D. Min. Support Services
As a university-based divinity school, Beeson offers students the opportunity to be involved in the larger community of a vibrant university. Divinity school students may fully participate in all Samford University activities
including recreational facilities, concerts, theatrical productions, art exhibitions, lectures, recitals and sporting events.
While students are on campus for seminars they have access to computer labs. The computer lab in the divinity school is open Monday–Friday, 8 a.m. until 4:30 p.m. Students in the D.Min. program may request that the lab stay open at other times also. The word processing program used in the divinity school computer lab is Microsoft Word on Windows XP. Other programs are available in other computer labs on campus.
D.Min. students also have full access to the Samford University Library
, which has more than 1,000,000 research aides, including bound journals, books, maps, CD-ROMs, videos, and audiotapes, with substantial holdings in religion. Students may check out materials from the University Library at any time, whether they are on or away from campus.
A copy of every D.Min. dissertation published by Beeson students is held in the University Library. You may also download this document
** that has all of the dissertations published between 1996-2002 crosslisted by year, author, title, topic, and library reference number.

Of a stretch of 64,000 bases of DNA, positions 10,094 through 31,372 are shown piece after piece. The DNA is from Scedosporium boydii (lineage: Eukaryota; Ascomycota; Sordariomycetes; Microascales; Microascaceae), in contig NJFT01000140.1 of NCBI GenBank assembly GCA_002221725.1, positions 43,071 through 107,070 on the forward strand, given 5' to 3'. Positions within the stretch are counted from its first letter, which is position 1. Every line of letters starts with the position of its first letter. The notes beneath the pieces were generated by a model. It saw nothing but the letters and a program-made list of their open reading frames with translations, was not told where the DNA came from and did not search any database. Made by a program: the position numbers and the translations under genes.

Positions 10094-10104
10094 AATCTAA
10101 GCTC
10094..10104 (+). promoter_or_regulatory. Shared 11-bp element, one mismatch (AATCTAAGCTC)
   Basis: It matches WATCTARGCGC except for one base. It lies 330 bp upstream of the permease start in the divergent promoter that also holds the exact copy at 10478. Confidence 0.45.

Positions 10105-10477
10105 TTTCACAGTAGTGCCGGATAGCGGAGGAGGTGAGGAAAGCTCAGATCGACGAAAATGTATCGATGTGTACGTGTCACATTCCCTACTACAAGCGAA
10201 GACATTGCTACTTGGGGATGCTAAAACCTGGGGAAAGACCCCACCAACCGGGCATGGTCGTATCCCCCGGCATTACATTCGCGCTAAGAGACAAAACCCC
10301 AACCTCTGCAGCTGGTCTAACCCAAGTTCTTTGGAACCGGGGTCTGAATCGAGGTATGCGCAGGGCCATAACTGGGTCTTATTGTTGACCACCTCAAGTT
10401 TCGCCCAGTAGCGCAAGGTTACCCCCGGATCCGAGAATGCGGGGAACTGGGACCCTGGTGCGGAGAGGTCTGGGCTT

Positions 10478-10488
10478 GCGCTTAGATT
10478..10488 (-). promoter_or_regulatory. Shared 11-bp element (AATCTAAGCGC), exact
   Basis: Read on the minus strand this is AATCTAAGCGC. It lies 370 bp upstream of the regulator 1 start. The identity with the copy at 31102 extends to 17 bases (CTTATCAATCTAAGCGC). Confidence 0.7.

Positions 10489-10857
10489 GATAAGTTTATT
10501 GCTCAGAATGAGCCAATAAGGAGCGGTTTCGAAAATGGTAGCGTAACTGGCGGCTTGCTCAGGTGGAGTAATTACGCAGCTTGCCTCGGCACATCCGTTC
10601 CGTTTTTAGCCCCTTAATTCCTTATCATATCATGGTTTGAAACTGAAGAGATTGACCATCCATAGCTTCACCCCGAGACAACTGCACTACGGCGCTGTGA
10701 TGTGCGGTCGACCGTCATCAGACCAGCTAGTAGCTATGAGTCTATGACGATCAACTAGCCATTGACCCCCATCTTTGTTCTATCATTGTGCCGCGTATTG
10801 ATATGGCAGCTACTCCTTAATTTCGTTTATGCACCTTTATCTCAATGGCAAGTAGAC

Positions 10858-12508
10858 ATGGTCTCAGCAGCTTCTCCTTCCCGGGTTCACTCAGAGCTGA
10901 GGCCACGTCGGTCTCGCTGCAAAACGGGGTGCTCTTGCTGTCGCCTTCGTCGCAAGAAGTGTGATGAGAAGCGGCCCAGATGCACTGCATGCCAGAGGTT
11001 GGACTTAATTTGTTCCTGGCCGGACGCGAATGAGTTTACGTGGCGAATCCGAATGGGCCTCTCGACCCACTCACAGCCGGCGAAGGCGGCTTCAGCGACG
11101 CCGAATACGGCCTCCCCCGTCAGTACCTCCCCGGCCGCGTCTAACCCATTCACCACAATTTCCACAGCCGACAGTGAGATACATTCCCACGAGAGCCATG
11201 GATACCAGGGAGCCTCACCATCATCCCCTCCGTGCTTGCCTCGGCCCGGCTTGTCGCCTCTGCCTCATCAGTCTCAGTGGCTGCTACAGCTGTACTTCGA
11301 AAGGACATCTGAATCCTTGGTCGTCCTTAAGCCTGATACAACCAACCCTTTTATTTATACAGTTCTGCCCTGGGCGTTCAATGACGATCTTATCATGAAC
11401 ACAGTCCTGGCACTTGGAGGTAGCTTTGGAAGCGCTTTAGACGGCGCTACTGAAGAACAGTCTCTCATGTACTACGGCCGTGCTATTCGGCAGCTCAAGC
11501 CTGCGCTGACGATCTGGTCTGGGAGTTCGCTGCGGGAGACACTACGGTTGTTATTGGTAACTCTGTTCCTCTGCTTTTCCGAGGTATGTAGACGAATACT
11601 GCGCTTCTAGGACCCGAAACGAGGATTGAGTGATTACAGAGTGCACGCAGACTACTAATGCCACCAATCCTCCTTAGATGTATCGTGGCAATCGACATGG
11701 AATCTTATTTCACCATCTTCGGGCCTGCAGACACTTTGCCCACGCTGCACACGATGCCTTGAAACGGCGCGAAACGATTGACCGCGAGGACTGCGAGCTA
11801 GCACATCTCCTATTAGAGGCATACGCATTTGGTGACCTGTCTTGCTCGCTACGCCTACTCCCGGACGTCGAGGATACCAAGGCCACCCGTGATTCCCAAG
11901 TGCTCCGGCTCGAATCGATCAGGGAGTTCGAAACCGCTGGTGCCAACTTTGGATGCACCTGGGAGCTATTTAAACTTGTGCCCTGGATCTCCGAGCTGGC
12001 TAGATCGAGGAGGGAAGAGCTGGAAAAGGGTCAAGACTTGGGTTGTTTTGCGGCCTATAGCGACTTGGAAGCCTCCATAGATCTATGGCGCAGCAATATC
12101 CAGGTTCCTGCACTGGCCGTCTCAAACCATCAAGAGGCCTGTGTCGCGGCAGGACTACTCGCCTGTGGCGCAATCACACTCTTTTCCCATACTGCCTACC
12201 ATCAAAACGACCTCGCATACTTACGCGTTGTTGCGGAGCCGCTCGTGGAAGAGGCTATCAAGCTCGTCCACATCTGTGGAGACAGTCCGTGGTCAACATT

The D.Min. degree program requires that students be on campus for seminars for a total of 10 weeks during the program. Students are responsible for the cost of their housing during the seminars, as well as making the appropriate arrangements. On-campus housing is normally available during the July terms, but not during the January terms. For assistance in making housing arrangements, contact the D.Min. office at (205) 726-2374. Samford University also provides a list of area hotels
The guideline for writing ministry praxis proposals and dissertations is A Manual for Writers of Term Papers, Theses, and Dissertations (seventh edition) by Kate L. Turabian. A summary of the portions of Turabian relevant for writing dissertations will be distributed to students, and can be found in pdf form here. Students should use this style guide for all of their academic work, unless an instructor specifically grants an exception for an assignment.
**This document is in PDF format which uses Adobe Acrobat. The Adobe Acrobat Reader is available as a free download. If you experience problems, please call User Support at 205-726-2662 or e-mail at firstname.lastname@example.org.